Aiding this large-scale manufacturing and marketing of the domes was Henry J. Kaiser Kaiser, Henry J. , owner of one of the world’s great aluminum companies Kaiser Aluminum , who became interested in geodesic domes through one of Fuller’s former students. He decided that his hotel complex, the Hawaiian Village in Honolulu, needed a concert auditorium, and he obtained a license from Fuller to manufacture a geodesic dome to cover a two-thousand-seat hall. Fuller designed a 145-foot-diameter dome for Kaiser, who had it manufactured in Oakland, California, and shipped to Honolulu in February, 1957. Workers there assembled the aluminum-skinned dome, which weighed only thirty tons, in the surprisingly short time of twenty-two hours. This domed concert hall had excellent acoustics, and its success so excited Kaiser that, with Fuller’s permission, he began making aluminum geodesic domes in his West Coast plant. Kaiser Aluminum produced domes in a variety of sizes and costs for such uses as theaters, banks, and community centers.

By 1971, when Fuller’s patent for the geodesic dome expired, more than fifty thousand licensed domes existed worldwide, a figure that does not include the many “outlaw” domes built on back lots and in other infrequently visited areas. Fuller, whom critics called a naïve romantic, foresaw even more extensive and grandiose uses of his invention. He envisioned a dome 2 miles in diameter and 1 mile high covering a large part of New York City. Because domes could create their own environment, he predicted that they would be used in the Antarctic, at the bottom of the oceans, and on the moon. On the other hand, many architects found Fuller’s proposals fanciful and impractical, and city planners thought that his geodesic domes looked out of place amid the rectangular building blocks of traditional cities. Despite these criticisms, Fuller maintained his faith in geodesic domes as a new type of habitable space able to differentiate human ecological patterns from those of nature and traditional technology.

Fuller’s geodesic domes now cover more ground than the buildings of any architect in history, but his overall achievement cannot be judged solely on the basis of them. For him, the geodesic dome was simply a step in the development of technology that would make the good life available to everyone. He worked from the assumption that creative intelligence is limitless and that technological progress can provide every human being with a rich and satisfying life. Fuller, who introduced the term “Spaceship Earth,” advocated using the world’s resources wisely and fairly. Geodesic domes Architecture;R. Buckminster Fuller[Fuller]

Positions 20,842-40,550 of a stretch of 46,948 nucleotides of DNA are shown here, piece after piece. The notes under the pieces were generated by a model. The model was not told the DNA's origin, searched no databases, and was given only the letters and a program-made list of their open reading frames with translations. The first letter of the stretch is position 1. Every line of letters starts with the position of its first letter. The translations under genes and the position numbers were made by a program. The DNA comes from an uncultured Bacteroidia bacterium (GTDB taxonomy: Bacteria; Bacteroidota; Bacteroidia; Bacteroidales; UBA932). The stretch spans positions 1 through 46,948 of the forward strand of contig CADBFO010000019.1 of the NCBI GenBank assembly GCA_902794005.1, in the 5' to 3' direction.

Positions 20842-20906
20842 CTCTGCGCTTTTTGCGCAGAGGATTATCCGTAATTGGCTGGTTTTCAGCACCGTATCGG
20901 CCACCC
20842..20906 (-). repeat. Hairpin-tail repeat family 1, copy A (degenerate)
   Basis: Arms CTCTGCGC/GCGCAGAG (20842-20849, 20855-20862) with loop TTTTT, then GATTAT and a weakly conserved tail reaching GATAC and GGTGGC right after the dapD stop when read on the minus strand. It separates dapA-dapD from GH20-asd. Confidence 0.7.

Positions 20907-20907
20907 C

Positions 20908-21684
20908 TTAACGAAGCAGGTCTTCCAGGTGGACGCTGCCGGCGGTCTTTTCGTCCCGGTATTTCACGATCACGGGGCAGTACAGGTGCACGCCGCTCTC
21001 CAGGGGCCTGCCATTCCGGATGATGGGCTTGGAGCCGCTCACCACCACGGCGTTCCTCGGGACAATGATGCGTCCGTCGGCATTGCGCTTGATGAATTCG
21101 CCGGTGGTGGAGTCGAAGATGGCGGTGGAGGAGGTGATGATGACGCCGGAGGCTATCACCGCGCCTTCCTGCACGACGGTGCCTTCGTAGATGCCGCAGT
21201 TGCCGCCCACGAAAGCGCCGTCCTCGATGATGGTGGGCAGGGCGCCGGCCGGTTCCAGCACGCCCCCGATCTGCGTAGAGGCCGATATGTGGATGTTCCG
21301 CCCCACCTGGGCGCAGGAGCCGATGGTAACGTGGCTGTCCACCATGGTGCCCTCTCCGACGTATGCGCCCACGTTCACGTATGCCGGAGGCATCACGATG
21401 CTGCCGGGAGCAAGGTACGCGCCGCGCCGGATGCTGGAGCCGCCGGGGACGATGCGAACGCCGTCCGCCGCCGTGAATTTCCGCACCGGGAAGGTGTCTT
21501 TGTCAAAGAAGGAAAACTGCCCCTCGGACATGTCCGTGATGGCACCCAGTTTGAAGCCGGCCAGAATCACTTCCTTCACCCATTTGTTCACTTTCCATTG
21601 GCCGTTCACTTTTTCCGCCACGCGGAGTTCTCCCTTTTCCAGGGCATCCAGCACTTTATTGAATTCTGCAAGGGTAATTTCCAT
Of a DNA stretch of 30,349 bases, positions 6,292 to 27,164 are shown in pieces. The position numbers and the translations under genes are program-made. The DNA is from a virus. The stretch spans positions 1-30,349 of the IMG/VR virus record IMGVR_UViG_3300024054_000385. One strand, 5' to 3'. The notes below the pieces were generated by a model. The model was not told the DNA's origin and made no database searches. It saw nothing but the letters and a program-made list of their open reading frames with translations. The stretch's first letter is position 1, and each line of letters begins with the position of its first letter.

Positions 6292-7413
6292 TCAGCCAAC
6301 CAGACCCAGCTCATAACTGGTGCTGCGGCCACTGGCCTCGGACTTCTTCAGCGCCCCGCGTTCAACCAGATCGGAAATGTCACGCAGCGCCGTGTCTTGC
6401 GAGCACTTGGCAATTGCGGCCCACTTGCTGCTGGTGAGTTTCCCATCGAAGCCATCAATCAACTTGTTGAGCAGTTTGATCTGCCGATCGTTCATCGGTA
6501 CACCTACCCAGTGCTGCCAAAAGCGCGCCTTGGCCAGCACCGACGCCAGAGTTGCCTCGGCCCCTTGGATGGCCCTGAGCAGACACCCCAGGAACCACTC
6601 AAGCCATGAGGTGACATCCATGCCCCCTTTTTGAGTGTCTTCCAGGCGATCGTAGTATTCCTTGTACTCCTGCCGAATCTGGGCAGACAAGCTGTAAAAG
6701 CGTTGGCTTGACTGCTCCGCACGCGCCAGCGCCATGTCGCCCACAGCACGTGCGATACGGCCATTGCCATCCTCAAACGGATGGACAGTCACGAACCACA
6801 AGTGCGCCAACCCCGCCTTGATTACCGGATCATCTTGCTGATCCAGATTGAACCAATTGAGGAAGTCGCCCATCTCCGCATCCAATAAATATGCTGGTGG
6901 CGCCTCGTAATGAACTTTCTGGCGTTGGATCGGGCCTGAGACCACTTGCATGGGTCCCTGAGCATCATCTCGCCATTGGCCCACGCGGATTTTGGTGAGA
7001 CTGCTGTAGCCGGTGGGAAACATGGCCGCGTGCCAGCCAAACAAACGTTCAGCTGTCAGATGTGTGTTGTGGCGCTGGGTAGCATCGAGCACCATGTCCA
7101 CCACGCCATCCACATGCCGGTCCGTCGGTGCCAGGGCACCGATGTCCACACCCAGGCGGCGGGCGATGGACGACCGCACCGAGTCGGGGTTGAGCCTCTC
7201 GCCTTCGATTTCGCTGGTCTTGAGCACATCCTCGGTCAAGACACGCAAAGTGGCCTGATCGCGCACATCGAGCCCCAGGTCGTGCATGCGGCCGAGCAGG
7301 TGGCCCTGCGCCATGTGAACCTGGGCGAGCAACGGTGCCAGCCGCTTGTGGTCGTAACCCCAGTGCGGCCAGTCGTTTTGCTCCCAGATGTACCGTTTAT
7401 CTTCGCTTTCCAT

Further Reading
  • citation-type="booksimple"

    xlink:type="simple">Fuller, R. Buckminster. Inventions: The Patented Works of R. Buckminster Fuller. New York: St. Martin’s Press, 1983. This book, which Fuller wrote just before he died, is organized around the most significant of his more than two thousand patents, including those related to the geodesic dome. A large-format volume, with many photographs, detailed figures, and diagrams.
  • citation-type="booksimple"

    xlink:type="simple">Hatch, Alden. Buckminster Fuller: At Home in the Universe. New York: Crown, 1974. Hatch, a close friend of Fuller for sixty years, has written an affectionate biography that interprets the designer’s life in the classic pattern of early troubles, persistent struggles, and ultimate triumph. Intended for general audiences, this biography presents Fuller as a visionary, inventor, and educator with a magnificent power to persuade.
  • citation-type="booksimple"

    xlink:type="simple">Kenner, Hugh. Bucky: A Guided Tour of Buckminster Fuller. New York: William Morrow, 1973. The purpose of Kenner’s book is to make Fuller’s ideas and inventions accessible to a wide variety of readers. He uses biography, geometry, poetry, and other disciplines to clarify the complexities of Fuller’s writings. The appendixes include a helpful glossary. Annotated bibliography and index.
  • citation-type="booksimple"

    xlink:type="simple">Marks, Robert, and R. Buckminster Fuller. The Dymaxion World of Buckminster Fuller. 1960. Rev. ed. Garden City, N.Y.: Anchor Books, 1973. Gives a clear verbal and pictorial explanation of Fuller’s most important concepts and creations. Includes a good treatment of several of his most important geodesic domes. Extensively illustrated, index.
  • citation-type="booksimple"

    xlink:type="simple">Rosen, Sidney. Wizard of the Dome: R. Buckminster Fuller, Designer for the Future. Boston: Little, Brown, 1969. Written by a popularizer of science, this account of Fuller’s life and career is meant to simplify his ideas for novices with little previous knowledge about Fuller or his work. Illustrated with many diagrams and a packet of photographs. Bibliography and index.
  • citation-type="booksimple"

    xlink:type="simple">Sieden, Lloyd Steven. Buckminster Fuller’s Universe: An Appreciation. Foreword by Norman Cousins. New York: Plenum Press, 1989. Paperback edition published 2000. A 511-page biographical work that celebrates Fuller’s engineering and architectural brilliance.
  • citation-type="booksimple"

    xlink:type="simple">Snyder, Robert, ed. R. Buckminster Fuller: An Autobiographical Monologue/Scenario. New York: St. Martin’s Press, 1980. Snyder, Fuller’s son-in-law, draws on a film he made about Fuller’s life and work, and on material from the Fuller family archives, to give an interesting personal account. Numerous photographs.
  • citation-type="booksimple"

    xlink:type="simple">Zung, Thomas T. K., ed. Buckminster Fuller: Anthology for the New Millennium. New York: St. Martin’s Press, 2001. An anthology of Fuller’s writings compiled and edited by Fuller’s architectural partner Thomas T. K. Zung. Each selection includes an introduction by a noted thinker in either the personal or scholarly style.